Our study, then, is ultimately the relationship between past peoples and the animals
with which they shared the world. That investigation will lead us into some rather obscure
and dusty corners of ancient and modern osteology, but we should not lose sight of the
aim. Where necessary, some chapters go into the biological background of archaeological
animal bone studies - vertebrate zooarchaeology - in some detail, and some delve into the
history of the development of particular research areas. [n both instances, the intention is
to show why vertebrate zooarchaeology has adopted certain practical or interpretative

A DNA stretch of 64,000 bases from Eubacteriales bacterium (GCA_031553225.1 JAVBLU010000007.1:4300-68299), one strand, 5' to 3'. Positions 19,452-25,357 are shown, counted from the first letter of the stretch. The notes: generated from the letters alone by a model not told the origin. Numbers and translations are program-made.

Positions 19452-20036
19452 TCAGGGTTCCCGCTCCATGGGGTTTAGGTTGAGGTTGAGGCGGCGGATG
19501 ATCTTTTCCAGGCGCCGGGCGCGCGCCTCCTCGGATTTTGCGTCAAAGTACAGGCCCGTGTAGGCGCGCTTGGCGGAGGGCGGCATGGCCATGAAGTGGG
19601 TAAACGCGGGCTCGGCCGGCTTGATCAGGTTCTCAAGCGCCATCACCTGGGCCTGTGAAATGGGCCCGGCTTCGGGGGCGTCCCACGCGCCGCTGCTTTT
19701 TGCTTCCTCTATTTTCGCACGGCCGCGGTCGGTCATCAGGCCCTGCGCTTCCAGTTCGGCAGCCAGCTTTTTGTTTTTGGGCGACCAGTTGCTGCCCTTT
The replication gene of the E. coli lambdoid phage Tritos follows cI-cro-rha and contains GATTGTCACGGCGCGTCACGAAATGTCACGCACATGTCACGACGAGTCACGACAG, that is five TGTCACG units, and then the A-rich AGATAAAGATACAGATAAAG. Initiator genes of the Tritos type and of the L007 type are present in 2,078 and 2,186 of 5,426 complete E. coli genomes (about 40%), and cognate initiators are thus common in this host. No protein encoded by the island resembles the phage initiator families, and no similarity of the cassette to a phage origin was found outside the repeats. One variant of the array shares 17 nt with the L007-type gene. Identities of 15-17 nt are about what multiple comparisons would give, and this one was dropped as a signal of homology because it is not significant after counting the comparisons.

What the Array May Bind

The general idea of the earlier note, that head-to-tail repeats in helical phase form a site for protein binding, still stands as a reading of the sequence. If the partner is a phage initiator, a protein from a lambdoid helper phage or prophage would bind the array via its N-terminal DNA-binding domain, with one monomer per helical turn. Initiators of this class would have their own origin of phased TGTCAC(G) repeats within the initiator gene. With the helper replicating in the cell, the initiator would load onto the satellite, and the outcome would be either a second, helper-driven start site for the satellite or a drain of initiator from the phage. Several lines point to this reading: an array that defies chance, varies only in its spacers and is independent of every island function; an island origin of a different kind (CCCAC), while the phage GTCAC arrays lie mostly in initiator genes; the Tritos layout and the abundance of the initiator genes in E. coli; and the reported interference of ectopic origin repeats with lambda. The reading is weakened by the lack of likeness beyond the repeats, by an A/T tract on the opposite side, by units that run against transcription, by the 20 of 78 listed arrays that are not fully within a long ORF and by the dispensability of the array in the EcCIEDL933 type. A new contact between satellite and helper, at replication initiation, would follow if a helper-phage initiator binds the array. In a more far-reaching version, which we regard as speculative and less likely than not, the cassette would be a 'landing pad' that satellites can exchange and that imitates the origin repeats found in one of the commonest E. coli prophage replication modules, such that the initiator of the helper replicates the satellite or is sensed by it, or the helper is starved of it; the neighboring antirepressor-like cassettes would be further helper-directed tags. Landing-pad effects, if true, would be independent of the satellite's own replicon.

methods. This book is not intended to be a didactic account that explains how animal
bones ought to be examined and studied. Instead, the aim is to show why this field of scholarship is an important one, and to give sufficient detail about the development of
methods and ideas to allow the reader to draw informed conclusions about the best way
to proceed, or the practical constraints that have limited the scope of published reports
and interpretation. Despite not being overtly didactic, the text is often quite opinionated.
This is deliberate: a text is more likely to be of educational benefit if there are clearly
stated views with which the reader can take issue.
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